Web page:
Do the described differences mean that Lewańska’s propositions should be considered inadequate? Not necessarily. Given the assumptions about the likely reactions of readers and the nature of the translated text, let us consider what motivations, either explicit or implicit, could be hidden behind such translation choices. Although canons change, we can assume that the reader of Barthes’s text is familiar with Polish literature and culture; she is able to identify intertexts or at least notice their unique status and acknowledge their importance in Polish culture. Such assumptions were particularly reasonable in the mid-1990s, when the Polish translation of The pleasure of the text was published. Nevertheless, we should not take it for granted that the reader will be able to identify all the contexts I have named above; such intertexts allow us to see (not necessarily) desirable ideological shifts. Respectively, we should not assume that the adopted reading mode will be conducive to such observations. Interpretative decisions may be inhibited or overshadowed by two reading responses that are likely to be evoked in such a context: surprise and pleasure.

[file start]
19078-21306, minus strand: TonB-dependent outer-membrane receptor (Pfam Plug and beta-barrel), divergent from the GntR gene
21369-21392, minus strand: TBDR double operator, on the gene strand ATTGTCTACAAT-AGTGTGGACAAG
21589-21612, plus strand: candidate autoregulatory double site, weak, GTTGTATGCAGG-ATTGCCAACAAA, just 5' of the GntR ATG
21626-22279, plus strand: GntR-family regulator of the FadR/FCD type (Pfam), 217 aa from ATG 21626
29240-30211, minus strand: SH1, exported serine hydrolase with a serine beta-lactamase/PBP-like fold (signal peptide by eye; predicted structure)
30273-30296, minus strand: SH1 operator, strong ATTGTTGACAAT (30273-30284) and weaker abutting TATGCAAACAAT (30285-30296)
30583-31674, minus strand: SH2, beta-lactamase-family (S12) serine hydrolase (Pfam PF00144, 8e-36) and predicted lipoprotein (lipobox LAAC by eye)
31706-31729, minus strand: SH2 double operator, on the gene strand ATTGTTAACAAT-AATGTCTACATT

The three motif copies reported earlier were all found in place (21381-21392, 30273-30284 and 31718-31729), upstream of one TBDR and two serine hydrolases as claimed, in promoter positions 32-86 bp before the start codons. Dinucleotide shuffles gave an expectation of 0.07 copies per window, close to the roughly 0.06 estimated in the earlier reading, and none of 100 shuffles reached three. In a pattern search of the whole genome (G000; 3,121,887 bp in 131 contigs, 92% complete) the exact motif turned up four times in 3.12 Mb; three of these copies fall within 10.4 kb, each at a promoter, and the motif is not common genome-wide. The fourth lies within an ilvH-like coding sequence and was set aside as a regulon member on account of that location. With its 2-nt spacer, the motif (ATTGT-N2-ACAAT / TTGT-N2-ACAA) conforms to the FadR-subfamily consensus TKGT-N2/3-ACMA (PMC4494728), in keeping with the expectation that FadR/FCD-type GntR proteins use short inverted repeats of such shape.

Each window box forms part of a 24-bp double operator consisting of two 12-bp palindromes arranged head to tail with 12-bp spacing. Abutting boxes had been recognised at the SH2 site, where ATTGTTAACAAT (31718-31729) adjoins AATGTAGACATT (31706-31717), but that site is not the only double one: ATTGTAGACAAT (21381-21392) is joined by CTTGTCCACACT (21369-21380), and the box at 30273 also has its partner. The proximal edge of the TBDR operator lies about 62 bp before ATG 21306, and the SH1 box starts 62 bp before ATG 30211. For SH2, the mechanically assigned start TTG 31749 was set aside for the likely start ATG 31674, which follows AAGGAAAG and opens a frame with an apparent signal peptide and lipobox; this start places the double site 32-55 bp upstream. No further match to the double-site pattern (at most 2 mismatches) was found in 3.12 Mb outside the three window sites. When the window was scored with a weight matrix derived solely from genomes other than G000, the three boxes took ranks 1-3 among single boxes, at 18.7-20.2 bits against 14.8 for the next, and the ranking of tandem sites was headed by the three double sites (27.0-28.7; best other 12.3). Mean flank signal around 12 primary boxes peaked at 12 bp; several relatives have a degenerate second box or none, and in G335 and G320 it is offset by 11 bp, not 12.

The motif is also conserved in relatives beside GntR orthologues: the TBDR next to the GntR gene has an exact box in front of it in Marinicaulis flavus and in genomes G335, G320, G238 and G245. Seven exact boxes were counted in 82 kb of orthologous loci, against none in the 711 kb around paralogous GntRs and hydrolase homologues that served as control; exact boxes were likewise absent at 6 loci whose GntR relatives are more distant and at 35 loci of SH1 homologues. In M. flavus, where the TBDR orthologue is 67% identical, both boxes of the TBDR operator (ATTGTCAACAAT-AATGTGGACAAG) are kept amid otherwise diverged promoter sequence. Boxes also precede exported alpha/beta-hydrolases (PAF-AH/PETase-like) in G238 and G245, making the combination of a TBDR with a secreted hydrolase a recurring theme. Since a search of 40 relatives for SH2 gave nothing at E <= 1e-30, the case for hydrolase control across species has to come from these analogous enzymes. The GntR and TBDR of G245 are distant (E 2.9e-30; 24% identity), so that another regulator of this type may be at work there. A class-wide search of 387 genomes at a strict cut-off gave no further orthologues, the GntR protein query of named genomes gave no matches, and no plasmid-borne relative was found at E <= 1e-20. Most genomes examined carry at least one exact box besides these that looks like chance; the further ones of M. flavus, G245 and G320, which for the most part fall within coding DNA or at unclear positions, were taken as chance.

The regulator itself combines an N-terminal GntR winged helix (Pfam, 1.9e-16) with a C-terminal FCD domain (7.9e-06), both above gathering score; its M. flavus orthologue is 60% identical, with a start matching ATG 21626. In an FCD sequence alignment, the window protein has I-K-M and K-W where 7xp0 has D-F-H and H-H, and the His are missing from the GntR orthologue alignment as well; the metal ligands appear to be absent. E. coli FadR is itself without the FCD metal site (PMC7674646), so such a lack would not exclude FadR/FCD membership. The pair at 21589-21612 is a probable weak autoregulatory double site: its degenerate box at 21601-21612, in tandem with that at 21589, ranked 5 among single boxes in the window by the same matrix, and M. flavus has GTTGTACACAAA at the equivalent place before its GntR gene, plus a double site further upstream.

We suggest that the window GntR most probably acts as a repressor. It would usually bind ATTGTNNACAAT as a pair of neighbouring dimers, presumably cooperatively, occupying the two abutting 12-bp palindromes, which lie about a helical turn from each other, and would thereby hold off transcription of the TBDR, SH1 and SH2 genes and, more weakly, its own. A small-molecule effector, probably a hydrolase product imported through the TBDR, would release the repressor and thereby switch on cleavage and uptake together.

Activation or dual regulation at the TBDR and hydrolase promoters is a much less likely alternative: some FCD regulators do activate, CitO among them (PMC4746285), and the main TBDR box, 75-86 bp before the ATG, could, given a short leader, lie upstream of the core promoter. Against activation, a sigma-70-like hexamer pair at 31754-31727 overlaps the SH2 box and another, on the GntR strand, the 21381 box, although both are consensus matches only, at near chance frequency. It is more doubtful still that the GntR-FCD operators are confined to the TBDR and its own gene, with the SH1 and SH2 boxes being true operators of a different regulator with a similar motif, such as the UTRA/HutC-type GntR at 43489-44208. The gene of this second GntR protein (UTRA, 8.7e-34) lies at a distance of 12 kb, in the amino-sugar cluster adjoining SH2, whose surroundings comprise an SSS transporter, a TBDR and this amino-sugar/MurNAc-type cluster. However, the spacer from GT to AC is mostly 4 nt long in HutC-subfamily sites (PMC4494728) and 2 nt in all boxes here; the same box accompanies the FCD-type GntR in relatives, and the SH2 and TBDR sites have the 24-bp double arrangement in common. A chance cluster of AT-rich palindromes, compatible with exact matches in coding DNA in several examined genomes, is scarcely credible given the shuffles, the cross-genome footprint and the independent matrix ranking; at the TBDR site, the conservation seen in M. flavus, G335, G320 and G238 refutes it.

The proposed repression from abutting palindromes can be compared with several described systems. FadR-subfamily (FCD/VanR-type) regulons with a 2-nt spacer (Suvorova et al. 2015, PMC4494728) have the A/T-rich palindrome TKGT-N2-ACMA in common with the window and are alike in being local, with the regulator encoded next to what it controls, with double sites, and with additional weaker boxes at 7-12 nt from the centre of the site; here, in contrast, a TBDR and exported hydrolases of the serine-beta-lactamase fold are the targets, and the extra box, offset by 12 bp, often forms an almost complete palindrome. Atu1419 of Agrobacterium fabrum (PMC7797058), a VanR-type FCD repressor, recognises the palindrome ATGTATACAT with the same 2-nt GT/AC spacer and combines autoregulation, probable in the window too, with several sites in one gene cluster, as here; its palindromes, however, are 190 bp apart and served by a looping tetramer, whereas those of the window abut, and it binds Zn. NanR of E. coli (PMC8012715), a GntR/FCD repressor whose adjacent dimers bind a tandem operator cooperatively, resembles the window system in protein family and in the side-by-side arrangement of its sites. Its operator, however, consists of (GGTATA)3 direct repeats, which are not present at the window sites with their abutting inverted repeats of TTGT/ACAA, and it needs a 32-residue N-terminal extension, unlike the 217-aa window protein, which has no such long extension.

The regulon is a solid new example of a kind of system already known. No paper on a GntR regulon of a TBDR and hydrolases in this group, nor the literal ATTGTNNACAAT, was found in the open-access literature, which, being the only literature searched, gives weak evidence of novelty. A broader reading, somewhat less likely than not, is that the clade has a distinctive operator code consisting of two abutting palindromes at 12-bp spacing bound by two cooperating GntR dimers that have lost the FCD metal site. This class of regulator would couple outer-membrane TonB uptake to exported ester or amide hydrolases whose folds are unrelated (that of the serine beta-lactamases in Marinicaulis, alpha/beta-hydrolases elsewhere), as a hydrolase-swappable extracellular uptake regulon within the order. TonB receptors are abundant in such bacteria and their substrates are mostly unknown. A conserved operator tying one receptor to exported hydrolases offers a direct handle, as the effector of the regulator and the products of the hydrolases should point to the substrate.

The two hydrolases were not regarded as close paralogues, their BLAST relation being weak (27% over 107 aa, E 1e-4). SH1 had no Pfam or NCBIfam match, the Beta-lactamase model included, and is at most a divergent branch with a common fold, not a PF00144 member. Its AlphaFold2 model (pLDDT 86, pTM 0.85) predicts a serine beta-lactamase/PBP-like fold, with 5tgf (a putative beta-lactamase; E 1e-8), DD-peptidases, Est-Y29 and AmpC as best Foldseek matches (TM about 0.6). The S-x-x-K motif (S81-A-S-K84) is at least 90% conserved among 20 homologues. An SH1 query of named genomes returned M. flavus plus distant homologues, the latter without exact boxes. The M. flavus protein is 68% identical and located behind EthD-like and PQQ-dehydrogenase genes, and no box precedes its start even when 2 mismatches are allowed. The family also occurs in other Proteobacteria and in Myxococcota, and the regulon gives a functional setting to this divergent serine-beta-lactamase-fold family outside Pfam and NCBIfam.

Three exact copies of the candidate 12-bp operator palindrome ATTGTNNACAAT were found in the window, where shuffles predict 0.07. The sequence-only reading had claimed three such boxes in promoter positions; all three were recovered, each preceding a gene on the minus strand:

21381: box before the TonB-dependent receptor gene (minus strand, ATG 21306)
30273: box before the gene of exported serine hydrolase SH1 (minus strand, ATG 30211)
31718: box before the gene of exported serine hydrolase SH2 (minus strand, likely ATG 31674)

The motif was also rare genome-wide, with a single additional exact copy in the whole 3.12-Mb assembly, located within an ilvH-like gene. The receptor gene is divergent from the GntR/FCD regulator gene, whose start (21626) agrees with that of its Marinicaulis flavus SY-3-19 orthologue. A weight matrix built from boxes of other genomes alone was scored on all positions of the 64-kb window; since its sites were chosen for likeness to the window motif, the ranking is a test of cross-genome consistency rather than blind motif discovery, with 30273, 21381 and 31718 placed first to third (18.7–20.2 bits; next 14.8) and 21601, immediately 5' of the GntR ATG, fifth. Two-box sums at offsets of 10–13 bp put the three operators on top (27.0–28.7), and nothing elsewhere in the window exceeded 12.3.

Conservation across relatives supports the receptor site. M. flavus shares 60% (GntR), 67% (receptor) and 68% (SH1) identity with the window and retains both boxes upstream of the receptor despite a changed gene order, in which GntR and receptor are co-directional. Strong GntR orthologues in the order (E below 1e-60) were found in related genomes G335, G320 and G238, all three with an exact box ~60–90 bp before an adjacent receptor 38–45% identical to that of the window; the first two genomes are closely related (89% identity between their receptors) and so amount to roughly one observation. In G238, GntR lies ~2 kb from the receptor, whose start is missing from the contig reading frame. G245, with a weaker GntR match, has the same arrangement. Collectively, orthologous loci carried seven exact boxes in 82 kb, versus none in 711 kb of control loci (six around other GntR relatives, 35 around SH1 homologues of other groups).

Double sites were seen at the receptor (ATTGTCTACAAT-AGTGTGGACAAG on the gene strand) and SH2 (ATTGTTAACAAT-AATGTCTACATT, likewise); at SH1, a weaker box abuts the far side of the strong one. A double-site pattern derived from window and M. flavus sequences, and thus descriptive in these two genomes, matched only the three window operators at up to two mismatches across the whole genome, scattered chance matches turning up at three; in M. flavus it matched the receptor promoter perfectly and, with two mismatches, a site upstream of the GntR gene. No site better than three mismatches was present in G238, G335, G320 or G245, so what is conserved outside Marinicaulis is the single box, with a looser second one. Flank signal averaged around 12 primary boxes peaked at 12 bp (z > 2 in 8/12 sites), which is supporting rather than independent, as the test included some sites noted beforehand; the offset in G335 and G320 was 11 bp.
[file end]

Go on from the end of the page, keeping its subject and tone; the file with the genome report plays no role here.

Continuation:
Surprise may result from a sense of, paradoxically, both strangeness and familiarity. The conscious reader who wants to reflect on her own reading habits and knows the genesis of the book she is reading knows that it was written by the French theoretician. As long as nothing disturbs the reading process, she may even forget that she is dealing with a translation, disregarding its role, possibilities and conditions. However, when she notices intertextual references to Polish literature (and even when she fails to identify a specific reference and treats it only as a “buzzword”), she realizes that she is reading a text written in Polish. The intertexts which may be found in the Polish translation are “focal places” of the linguistic energy of the Polish language. Their outright “Polishness” destroys the illusion of reading an unproblematic and transparent text; one governed only by the conventions that are equivalent to those found in the source language. Doubt and curiosity follow. What did it sound like in the original? Why was it translated like that? What was gained and what was lost in translation?